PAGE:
Friday, December 28, 2012

E4. In 1573, the Italian painter Paolo Veronese delivered this painting to the Dominicans of Santi Giovanni e Paolo, Venice for their refectory. The subject of the painting caused Veronese to be called before the Inquisition to explain why the work contained "buffoons, drunken Germans, dwarfs and other such scurrilities" as well as extravagant costumes and settings. He was asked to change the painting appropriately within three months. His solution was to rename the painting, calling it 'The Feast in the House of Levi', which is how it continues to be known. What was the original subject and title of the painting?

A. The Last Supper

Monday, December 24, 2012

G6. What Mervyn Bunter was to Lord Peter Wimsey, Figaro to the Count of Almaviva, Georges to Hercule Poirot and Passepartout to Phileas Fogg.

A. Valet. That was an easy one. And seriously, there's no way you can't get this theme now!

Monday, November 12, 2012

C7. This deity, whose temple dates back to 1675, gets her name from the Sanskrit for 'great mother'. She was in particular a patron of the Agri and Koli peoples. Name her.

A. Mumba Devi, whose name purportedly comes from 'maha amba'.

Friday, November 2, 2012

B10. So, what was the happy bridegroom's name? Please read the question carefully and answer appropriately. 

A. That's Yousuf Youhana, one of the few cricketers from the religious minorities that Pakistan could boast of. Now, of course, he's joined the majority, calls himself Mohammad Yousuf and looks like this:

Monday, October 29, 2012

F7. This is a London pub that dates from the 1530s (it was rebuilt after the Great Fire of 1666). It was a favourite of many writers, from Oliver Goldsmith and Tennyson to Arthur Conan Doyle and G.K. Chesterton. Charles Dickens even mentioned the pub by name in 'A Tale of Two Cities'. It takes its name from the type of cheese shown in the picture below. It is one of England's oldest known cheeses, available in white, red and blue varieties, the white being the commonest. Name the cheese.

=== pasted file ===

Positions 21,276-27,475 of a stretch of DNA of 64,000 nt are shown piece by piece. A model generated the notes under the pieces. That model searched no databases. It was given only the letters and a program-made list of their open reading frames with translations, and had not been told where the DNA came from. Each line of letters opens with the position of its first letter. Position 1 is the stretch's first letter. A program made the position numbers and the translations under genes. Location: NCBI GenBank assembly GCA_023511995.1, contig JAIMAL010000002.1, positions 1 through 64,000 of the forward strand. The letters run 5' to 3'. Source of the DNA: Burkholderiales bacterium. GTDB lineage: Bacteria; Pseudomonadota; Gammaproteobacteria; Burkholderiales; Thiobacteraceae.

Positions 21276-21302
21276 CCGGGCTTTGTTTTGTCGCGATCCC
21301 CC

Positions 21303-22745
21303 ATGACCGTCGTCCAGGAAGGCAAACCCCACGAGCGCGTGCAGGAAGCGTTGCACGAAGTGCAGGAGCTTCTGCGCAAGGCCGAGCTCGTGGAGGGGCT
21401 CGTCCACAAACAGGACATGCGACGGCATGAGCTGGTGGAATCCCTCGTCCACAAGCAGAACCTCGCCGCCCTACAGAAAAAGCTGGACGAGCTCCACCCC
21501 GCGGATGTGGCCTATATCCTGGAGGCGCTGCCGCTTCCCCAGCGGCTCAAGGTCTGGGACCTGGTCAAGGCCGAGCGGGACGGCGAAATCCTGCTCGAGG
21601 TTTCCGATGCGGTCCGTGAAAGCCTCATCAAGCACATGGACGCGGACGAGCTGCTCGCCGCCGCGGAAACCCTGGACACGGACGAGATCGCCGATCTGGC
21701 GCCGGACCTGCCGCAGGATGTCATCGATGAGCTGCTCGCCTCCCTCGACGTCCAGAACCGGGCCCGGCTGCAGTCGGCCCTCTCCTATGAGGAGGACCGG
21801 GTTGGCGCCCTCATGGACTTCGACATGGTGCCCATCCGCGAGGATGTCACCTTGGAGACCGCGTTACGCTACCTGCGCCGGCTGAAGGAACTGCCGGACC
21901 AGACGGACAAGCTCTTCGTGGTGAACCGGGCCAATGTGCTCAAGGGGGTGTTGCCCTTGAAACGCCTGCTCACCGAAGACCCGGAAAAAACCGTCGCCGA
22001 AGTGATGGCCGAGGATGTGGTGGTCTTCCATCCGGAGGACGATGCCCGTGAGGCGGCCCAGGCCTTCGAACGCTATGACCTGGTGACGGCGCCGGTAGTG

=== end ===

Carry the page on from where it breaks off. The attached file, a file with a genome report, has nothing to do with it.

A. Cheshire cheese. 

The pub is called Ye Olde Cheshire Cheese, and is considered to be the prototype for the name of all the 'Ye Olde...' establishments in Britain and since then in other parts of the world.

Wednesday, October 24, 2012

A5. The man in this picture was a Wall Street banker who served as a US Senator in the 1950s and early 1960s. The couple named their second son, born in 1924, after the woman's father, unusually using his full name. What surname, as a result, became the middle name of two US Presidents?

A. Walker, as in George Herbert Walker Bush and George Walker Bush.

Dorothy Walker, who married Senator Prescott Bush, was the daughter of George Herbert Walker. The couple named their second son in honour of his maternal grandfather. George H.W. Bush went on to become the 41st President of the United States, and his son, who also carried the surname Walker as a middle name (and was nicknamed 'Dubya' because of his pronunciation of the resulting middle initial), became the 43rd.

Tuesday, October 16, 2012

E3. Here's a description of a card game from Wikipedia. Name the game (the name is the same as the blanked-out word in the second para):

Using a standard 52-card deck, five cards are dealt to each player, or seven if there are four or fewer. The remaining card pack is shared between the players, usually sprawled out in a non-orderly pile referenced as the "ocean" or "pool".

The player whose turn it is to play asks another player for his or her cards of a particular rank. For example, "Bim, do you have any threes?" The player who is asking must have at least one card of the rank he asked for in his hand. The recipient of the request must then hand over a card of that rank, if he has any. If the recipient of the request has none, he tells the player to "go _____," and the player draws a card from the pool and ends his turn. If the player receives the card he wanted (through either means), he may take another turn. If the player is now holding a pair of one rank, he may place the cards face up in front of himself.

Winning: When one player runs out of cards, or the pool is empty, the game ends. The player with the most piles in front of him or her wins.

A. Fish. The game is also called 'Go Fish' or other variants of this theme. 

Thursday, October 11, 2012

G5. He's had such an eventful and variegated life, one could do an entire quiz with questions only on him. But this is not the forum for that, so let's stick to a meta-question -- one on his quizzing credentials. Who, then, appeared for Queen's College, Cambridge, on the University Challenge quiz show in 1981 and later in life said it was the quiz show he'd most like to host, calling it "a window on the weirdness and wonder of studentry"? A quiz show that he does host is the very popular QI, currently into its 10th season on BBC, for which he won the Rose d'Or award for "Best Game Show Host" in 2006.

A. Stephen Fry

Friday, October 5, 2012